live well. give well.


Focus: savings-led microfinance and individual empowerment

Location: San Pedro Sula, Honduras

the local hero

Initiated in 1993 by a small group of women who refused to accept poverty and marginalization in a male dominated society, COMFEL has become a significant force of change in the deprived neighborhoods of San Pedro Sula.  Together its members lobby for equal human rights to create awareness and empowerment.  Notably, COMFEL’s main focus is on providing its members with the tools to improve their lives right now rather than waiting for the government to improve matters.  Concretely, COMFEL functions as a savings-led microfinance bank and self-help group; it requires members to contribute monthly savings and to attend talks or trainings on a regular basis.  Through the talks women learn to value themselves and to believe in their dreams while the trainings in technical and business skills help them to implement their dreams. Financing is obtained through microloans which women receive dependent on their level of savings.

What began with a handful of women in 1993 and a grant of US$3,000 has grown into an organization over 1,500 members and savings worth over US$300,000 – proof of the power of community and that anything is possible.

their neighbor

COMFEL’s members live in the poorest neighborhoods of San Pedro Sula where most people work informally as for example unlicensed street vendors or occasional construction workers; and a large number in the foreign owned factories (maquiladoras).  Houses are built with tin roofs, often lack a drainage systems and trash is thrown into the streets which turn into mud during rain seasons.

Few women receive more than six years of education and grow up with the assigned role to stay at home, please their husband and bear him many children.  The idea of attending COMFEL meetings, opening a business and having a semblance of independence is a controversial one - often rejected by the women at first. However, the COMFEL talks and comradeship opens their minds and they start becoming more active – in their families, their personal lives and society.  One typical outcome is for a woman to say “no” to abusive relationships, to open a small shop and to take on responsibility in church or other organizations.  Once women discover their human agency through the cooperative they set out to make their world a better place.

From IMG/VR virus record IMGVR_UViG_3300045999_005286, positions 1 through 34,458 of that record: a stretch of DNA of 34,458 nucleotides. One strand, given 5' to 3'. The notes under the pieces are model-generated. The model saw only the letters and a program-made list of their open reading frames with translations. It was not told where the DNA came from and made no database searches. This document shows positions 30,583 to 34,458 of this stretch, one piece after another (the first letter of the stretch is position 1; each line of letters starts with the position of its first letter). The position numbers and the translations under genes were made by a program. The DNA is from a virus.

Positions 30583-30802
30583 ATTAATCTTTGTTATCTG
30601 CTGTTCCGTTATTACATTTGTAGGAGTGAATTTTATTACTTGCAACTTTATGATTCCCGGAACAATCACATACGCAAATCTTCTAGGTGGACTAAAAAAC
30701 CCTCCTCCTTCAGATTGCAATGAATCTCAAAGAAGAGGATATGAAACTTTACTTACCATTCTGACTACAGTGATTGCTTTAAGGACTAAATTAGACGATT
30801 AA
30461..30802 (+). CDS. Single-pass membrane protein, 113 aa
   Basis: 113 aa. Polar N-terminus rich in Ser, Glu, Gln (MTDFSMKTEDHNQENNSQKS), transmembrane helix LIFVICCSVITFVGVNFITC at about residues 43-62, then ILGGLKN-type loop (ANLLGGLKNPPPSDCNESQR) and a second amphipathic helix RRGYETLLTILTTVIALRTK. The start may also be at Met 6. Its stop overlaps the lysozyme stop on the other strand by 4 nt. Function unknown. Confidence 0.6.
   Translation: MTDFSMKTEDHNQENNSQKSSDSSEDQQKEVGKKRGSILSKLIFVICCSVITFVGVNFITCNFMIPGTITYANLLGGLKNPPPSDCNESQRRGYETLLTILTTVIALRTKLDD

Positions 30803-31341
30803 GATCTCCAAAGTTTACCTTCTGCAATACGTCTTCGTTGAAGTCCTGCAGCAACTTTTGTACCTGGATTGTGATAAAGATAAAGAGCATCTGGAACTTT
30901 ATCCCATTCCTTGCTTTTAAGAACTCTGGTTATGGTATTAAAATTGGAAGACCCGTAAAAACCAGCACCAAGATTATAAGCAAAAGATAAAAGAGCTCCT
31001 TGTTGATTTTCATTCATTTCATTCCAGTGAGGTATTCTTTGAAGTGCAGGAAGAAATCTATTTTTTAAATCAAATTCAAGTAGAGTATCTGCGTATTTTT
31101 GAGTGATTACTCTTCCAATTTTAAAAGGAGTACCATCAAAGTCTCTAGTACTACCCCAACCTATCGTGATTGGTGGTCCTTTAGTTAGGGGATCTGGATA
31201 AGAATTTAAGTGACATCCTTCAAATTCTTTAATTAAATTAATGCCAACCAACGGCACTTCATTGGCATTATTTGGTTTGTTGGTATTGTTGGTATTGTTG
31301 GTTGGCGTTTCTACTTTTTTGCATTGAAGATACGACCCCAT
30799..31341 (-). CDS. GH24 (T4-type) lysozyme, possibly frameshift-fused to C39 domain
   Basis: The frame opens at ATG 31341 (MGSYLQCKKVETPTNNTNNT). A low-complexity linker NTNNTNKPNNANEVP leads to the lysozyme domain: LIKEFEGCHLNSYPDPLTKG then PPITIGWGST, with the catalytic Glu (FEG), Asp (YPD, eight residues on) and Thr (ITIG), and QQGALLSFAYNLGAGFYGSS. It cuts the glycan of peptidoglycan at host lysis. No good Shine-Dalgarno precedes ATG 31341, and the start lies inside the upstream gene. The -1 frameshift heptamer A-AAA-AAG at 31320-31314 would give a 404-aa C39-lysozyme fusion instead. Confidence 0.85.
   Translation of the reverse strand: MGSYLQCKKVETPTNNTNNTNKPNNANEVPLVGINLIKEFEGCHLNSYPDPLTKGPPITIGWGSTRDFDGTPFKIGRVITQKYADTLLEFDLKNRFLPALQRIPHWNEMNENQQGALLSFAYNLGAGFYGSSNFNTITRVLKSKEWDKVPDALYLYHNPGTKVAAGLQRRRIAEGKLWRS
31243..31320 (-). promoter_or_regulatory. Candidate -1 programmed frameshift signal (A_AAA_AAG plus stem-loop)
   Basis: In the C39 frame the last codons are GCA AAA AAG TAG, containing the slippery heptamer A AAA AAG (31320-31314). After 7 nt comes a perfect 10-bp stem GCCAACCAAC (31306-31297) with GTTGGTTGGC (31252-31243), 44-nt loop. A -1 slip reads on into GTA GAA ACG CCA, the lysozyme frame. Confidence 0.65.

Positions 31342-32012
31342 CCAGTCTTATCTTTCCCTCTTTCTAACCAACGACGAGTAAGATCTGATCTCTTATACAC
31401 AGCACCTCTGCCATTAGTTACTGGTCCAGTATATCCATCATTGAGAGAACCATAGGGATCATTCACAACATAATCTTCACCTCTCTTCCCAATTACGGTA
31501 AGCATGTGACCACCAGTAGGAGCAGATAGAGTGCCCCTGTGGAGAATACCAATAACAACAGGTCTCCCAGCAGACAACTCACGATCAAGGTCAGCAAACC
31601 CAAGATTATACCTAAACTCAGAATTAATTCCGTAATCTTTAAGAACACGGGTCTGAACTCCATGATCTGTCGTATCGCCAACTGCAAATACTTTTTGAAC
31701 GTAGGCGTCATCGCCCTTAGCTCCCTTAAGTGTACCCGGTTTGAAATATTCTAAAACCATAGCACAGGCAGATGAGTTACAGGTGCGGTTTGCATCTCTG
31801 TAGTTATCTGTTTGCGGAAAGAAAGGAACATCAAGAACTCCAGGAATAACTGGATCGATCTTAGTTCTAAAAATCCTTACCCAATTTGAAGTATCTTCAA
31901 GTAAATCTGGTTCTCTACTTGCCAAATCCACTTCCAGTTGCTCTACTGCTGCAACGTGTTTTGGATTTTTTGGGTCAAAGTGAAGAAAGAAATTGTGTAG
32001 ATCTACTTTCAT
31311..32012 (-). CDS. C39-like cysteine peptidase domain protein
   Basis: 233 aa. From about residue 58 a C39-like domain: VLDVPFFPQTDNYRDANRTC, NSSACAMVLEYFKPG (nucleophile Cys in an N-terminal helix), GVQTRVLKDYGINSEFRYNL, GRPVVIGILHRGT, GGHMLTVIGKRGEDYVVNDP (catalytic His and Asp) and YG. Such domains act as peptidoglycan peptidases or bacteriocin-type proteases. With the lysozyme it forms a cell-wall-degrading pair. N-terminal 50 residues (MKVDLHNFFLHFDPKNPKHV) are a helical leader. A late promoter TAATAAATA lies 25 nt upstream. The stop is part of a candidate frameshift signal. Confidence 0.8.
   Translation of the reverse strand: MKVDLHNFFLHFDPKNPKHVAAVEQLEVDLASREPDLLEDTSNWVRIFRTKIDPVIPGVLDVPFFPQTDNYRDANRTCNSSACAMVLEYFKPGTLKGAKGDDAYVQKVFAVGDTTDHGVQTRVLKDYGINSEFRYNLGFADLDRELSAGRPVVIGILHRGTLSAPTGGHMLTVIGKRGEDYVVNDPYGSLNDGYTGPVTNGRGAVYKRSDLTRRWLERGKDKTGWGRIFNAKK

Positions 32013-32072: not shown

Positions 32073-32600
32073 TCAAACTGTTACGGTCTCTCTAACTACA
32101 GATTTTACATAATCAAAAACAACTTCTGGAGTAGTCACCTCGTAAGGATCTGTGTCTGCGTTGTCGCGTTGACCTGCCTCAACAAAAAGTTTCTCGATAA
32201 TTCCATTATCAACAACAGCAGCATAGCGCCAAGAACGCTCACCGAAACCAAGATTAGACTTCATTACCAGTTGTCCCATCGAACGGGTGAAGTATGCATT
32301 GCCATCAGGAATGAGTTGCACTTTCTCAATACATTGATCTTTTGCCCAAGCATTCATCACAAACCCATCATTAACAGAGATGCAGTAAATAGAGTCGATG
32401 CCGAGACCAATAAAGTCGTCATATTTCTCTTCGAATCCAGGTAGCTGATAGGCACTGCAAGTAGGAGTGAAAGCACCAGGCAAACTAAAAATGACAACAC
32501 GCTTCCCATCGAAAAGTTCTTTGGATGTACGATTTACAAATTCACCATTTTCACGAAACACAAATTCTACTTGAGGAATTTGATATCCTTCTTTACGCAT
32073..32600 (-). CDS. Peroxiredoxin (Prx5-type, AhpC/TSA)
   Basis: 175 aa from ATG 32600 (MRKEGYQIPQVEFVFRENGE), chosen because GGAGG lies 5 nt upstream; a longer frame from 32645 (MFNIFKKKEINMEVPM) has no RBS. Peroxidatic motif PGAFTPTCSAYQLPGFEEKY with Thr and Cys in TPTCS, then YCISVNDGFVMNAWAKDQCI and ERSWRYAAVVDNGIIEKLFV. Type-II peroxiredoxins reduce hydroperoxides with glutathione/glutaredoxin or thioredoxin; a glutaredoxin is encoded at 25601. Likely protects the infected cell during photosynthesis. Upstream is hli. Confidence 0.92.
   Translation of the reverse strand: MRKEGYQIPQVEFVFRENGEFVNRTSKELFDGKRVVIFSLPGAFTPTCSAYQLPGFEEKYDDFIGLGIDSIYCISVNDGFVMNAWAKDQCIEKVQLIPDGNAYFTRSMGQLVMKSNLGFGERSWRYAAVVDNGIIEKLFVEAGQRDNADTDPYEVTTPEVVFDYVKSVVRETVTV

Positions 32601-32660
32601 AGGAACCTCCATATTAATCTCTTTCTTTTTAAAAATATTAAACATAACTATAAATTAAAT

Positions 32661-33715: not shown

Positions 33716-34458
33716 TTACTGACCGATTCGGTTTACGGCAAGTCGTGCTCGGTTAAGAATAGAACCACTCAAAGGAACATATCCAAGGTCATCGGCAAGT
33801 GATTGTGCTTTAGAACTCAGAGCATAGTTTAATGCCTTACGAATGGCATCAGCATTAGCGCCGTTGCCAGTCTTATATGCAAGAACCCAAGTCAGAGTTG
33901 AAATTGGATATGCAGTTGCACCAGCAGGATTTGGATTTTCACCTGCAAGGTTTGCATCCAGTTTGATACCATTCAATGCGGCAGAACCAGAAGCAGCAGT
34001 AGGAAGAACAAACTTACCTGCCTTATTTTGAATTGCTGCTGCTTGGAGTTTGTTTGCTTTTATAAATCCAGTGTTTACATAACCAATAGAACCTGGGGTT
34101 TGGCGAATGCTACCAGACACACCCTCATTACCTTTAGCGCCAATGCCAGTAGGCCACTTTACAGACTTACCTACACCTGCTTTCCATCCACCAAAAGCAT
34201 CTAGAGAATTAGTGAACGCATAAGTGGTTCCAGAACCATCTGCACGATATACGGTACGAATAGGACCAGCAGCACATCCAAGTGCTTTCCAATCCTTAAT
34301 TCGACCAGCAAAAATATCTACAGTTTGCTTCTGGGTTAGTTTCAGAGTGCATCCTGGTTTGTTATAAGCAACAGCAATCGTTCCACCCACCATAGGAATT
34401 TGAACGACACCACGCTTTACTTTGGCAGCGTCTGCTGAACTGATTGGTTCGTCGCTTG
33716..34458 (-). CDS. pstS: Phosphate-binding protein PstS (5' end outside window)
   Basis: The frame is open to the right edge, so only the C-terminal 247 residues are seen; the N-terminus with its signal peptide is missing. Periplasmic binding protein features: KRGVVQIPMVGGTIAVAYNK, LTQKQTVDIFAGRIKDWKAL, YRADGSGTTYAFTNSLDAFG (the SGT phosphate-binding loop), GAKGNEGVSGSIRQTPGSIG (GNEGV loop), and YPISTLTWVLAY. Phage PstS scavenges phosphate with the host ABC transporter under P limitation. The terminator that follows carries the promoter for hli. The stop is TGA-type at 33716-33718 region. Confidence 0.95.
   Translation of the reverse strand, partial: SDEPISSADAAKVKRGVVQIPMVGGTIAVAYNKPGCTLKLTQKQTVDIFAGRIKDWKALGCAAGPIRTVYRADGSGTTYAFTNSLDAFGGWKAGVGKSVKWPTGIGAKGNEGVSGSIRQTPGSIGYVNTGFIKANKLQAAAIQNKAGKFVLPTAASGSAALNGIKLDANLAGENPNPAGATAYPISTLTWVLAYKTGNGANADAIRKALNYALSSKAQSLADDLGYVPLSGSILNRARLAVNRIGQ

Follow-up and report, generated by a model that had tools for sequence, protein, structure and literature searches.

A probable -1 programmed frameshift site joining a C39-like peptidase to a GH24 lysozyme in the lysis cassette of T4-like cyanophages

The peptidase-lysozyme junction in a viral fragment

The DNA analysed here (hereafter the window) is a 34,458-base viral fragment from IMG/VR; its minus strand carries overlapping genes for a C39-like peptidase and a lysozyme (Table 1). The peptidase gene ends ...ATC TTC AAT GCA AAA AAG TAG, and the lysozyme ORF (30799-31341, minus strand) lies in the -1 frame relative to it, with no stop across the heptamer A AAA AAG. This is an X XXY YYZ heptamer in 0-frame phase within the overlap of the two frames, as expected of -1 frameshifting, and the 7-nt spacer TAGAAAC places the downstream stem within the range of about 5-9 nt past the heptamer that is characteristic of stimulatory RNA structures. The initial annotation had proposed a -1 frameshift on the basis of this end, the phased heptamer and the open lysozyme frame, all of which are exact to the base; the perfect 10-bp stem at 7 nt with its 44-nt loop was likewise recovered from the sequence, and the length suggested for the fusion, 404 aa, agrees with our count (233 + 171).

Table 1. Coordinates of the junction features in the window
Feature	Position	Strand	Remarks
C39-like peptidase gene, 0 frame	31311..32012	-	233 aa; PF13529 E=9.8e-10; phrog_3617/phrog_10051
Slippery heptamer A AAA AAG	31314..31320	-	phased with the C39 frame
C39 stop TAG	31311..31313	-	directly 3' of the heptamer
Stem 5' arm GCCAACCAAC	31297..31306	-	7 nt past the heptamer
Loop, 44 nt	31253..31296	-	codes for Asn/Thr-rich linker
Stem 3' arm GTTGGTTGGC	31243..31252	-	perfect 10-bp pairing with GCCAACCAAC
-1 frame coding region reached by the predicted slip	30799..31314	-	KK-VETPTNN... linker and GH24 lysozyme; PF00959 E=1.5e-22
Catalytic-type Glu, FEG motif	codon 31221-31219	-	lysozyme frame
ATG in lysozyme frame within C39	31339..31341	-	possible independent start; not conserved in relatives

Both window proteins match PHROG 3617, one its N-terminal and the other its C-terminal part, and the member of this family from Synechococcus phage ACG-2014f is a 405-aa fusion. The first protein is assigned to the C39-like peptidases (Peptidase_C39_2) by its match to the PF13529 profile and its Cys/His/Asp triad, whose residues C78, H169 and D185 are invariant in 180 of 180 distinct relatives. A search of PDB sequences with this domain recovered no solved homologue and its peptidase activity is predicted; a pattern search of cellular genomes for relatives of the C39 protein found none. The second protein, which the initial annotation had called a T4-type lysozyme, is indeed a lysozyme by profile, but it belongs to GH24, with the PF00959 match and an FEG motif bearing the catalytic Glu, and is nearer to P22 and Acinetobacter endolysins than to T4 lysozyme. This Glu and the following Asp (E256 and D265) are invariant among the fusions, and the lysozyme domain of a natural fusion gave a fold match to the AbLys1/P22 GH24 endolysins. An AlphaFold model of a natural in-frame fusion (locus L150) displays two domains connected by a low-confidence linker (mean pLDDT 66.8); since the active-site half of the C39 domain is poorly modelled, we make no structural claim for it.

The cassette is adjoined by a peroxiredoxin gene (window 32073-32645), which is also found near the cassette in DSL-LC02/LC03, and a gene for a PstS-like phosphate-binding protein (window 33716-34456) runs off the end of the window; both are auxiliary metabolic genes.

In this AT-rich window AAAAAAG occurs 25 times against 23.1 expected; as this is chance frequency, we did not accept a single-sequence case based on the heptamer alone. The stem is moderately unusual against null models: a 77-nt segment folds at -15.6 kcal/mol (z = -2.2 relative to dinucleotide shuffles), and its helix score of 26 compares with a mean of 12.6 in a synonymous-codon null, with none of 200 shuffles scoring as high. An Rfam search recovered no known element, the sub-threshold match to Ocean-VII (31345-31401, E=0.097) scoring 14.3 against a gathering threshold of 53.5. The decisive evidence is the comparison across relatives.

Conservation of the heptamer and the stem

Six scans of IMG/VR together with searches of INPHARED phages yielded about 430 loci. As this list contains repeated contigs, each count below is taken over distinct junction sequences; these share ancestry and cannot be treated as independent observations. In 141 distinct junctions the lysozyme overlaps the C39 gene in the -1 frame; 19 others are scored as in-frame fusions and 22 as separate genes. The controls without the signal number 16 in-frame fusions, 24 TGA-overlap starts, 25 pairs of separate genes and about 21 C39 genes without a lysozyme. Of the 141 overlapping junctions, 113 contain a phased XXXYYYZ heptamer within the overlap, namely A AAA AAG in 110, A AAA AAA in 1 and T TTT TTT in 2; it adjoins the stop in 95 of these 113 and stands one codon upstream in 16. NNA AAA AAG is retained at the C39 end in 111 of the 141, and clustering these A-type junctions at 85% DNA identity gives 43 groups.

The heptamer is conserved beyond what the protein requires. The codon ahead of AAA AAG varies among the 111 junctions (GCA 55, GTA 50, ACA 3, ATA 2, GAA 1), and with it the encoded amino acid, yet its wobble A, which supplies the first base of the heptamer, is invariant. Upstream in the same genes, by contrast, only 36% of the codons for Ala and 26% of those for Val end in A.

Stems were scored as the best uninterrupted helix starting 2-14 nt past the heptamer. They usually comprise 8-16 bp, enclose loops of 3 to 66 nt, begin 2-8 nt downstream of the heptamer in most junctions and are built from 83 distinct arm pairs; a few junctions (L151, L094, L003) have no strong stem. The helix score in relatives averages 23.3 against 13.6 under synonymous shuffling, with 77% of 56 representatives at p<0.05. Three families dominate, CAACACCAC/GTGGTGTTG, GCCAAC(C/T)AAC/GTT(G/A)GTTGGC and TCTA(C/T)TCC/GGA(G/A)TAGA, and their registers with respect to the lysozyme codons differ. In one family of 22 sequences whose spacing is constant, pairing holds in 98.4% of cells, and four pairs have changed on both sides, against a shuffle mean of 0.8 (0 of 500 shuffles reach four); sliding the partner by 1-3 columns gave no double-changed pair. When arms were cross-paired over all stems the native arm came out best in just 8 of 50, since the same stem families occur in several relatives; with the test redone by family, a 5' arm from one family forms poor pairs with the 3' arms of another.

your philanthropic opportunity

As mentioned, the cooperative raised and manages a significant amount of money, especially when taking into consideration that the minimum annual savings per women is 365 Lempiras (about US$19).  Of course, the larger the total capital the more loans can be granted without putting the institution at risk.  Better training and a wider set of skills would be a way for the members to achieve this goal because their undertakings would generate more profit and they could contribute more to the cooperative.  Thus one of their goals is to build a technical training center where women can acquire jobs that are higher paid such as plumbing or carpentry.

Another way to increase COMFEL’s effectiveness would be the establishment of a scholarship fund for the women’s children.  Currently, many loans are used to pay for tuition fees and school materials instead of going towards recoverable investments and enlarging the cooperative’s fund.

So there are many ways for you to become involved and to support the cooperatives organic growth.  Help the women become better at what they do by going to see them in person, learn from them and brainstorm meaningful initiatives which are implemented together.  COMFEL’s members do not want pity or become dependent on a large donor.  They want their achievement to be known in other countries where women may be inspired to follow suit; they want to be respected and not overlooked and above all, they welcome anyone to share ideas and experiences with.

san pedro sula, honduras